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3.3.3 Acidic and Basic Sites In order to further probe the how the prope rties of the supports affect the palladium dispersion and the catalytic activity of the catalysts, the amounts of acidic and basic sites of the supports were investigated. This wa s done by measuring the adsorption of NH3 and CO2 on the different catalysts (see Table 3-4). As is evident in Figures 3A and 3B there is no simple correlation between the catalyst dispersion and the acidic or ba sic sites on the supports. As expected the n-CaO had a large uptake of CO2 (due to facile CaCO3 formation). The amount of CO2 adsorbed by the calcium (4.4 ml/g) is more consistent with surface adsorption rather th an bulk carbonate formation (~400 ml/g). While moderately basic supports (such as -Al2O3 and MgO) evidently can give reasonable product yields (Figure 3-1 A), it appear s that the Pd dispersions are lower on these compared to less basic or neutral supports (Figur e 3-1 B). Considering that the Pd dispersion on the CaO support is very low, avoiding moderately to highly basic supports when preparing welldispersed Pd catalysts using the ba se precipitation method may be advi sable. It also appears that avoiding highly acidic supports is recommended when preparing well-dispersed palladium catalysts. The support with the highest ammonia adsorption (n-SiO2) resulted in a catalyst with a palladium surface area below that expected for it s support surface area (Figure 3-1 B). However, despite a lower palladium surface area on the n-SiO2 support, the yield obtained from this catalyst is in the range e xpected for this catalyst considering its support surface area (Figure 3-1 A). Consequently, the average activity of the pa lladium on the surface of th is catalyst is higher than the activity of for example the palladium on the n-Al2O3(+) support (see the turnover numbers in Table 3-3). The sec ond most acidic support, the n-Al(OH)3, also results in a catalyst with higher turnover numb er than the Pd/n-Al2O3(+) catalyst, and the same is true for the most 59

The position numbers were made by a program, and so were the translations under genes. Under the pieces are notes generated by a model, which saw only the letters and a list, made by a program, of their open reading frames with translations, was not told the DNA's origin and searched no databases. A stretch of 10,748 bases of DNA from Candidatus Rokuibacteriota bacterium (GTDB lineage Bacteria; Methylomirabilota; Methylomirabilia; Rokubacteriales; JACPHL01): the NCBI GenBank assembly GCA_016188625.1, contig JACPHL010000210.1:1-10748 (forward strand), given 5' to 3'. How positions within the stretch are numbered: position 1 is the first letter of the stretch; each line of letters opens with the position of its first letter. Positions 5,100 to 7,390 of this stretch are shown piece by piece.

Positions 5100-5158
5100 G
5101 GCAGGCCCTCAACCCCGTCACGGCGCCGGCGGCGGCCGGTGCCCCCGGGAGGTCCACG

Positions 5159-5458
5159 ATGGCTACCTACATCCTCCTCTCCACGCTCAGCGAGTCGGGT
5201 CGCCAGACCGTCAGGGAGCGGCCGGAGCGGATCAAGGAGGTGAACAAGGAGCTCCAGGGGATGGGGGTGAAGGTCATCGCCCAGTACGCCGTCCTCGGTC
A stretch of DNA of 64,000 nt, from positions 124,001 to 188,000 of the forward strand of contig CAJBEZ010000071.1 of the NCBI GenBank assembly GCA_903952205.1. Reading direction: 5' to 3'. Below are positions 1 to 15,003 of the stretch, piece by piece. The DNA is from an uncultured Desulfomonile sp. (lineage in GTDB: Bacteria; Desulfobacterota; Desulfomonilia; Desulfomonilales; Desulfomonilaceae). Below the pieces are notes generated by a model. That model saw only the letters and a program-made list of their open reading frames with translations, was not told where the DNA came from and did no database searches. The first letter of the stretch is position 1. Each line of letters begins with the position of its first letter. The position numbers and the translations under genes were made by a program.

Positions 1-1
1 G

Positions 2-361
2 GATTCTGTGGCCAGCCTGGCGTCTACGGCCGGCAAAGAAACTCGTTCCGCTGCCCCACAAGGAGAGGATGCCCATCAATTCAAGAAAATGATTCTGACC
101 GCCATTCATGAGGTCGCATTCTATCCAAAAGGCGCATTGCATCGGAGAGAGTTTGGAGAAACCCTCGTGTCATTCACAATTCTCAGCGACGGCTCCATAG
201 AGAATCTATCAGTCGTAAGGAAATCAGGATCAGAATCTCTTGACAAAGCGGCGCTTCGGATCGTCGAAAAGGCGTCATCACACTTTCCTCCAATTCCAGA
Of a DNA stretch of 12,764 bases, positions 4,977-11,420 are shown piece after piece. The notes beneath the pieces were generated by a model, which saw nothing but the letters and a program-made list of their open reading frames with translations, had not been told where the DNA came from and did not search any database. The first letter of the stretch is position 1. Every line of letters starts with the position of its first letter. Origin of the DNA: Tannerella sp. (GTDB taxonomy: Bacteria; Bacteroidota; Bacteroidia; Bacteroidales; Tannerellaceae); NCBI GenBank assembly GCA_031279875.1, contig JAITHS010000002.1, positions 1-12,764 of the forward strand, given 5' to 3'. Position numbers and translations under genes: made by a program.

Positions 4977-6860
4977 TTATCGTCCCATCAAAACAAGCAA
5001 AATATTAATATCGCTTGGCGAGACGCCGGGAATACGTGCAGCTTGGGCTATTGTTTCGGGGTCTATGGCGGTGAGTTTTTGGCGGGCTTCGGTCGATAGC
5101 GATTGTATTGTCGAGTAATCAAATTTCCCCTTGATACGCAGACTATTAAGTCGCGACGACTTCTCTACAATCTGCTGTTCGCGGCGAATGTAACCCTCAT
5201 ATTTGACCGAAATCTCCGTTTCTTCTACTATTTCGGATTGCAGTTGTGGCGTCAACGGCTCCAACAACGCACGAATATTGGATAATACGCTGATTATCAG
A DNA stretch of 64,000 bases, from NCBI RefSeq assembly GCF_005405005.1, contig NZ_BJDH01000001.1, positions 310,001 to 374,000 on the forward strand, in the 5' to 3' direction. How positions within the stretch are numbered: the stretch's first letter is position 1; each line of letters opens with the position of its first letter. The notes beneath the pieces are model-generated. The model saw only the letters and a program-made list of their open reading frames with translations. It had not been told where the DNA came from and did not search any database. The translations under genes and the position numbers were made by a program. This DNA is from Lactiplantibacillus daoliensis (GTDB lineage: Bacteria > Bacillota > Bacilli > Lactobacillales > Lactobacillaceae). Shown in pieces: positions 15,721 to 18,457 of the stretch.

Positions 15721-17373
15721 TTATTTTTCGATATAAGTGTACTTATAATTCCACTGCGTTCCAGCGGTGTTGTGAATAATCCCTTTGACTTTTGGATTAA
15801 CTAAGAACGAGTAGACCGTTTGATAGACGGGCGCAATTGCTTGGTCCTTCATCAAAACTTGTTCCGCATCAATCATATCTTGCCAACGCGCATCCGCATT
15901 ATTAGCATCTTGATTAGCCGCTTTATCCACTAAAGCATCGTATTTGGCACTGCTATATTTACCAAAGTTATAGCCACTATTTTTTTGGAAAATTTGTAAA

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basic supports (Table 3-3). Cons equently, highly acidic or basi c supports appear to result in lower Pd dispersions, but the palladium that is on the surface is more active than the palladium on our reference Pd/n-Al2O3(+) catalyst. It is easier to see how an acidic support (electron acceptor) can lead to more electrophilic, and thus more reactive, palladium, than how the basic support leads to more active Pd species. For ex ample, a density functional calculation study of Pd atoms on -Al2O3 [110] found that single Pd atoms intera ct strongly with tetragonal Lewis acid sites [76]. Evidently, there are some co mplex interactions between palladium and the supports on the catalysts included in this inve stigation. Consideri ng the turnover numbers reported in Table 3-3, more active catalysts should result if the dispersion on the -Al2O3 support can be increased. 3.3.4 Estimated Cost of Selected Catalyst In the search for a more effective catalyst the economics must also be considered, i.e. cost of the catalyst compared to the yield obtained. For example, this reaction does proceed over Raney nickel, which is a considerably less expe nsive catalyst. However, the yields over the Raney nickel catalyst are also low per gram of catalyst [1-4] and the reaction is more involved since the catalyst must be act ivated and the resulting catalys t after reaction is pyrophoric. Consequently, palladium would be the active meta l of choice if higher yields and economically viable catalysts can be develope d. Although the main cost of the catalysts is due to palladium, the cost of nanoparticle oxide supports can be signi ficant, as can be seen in Table 1. Since the nAl2O3(+) support is the most expensiv e of the oxide supports used in this study, it is possible that other supports can be competitive with the Pd/n-Al2O3(+) catalyst if the cost of the catalyst per g of product is considered. To allo w for variations in the price of palladium, as well as the cost of preparing palladium nitrate, a more expensive palladium cost basis ($450/oz) was used for calculating the cost of catalyst per gram of product (Table 4-5), even though the price of 60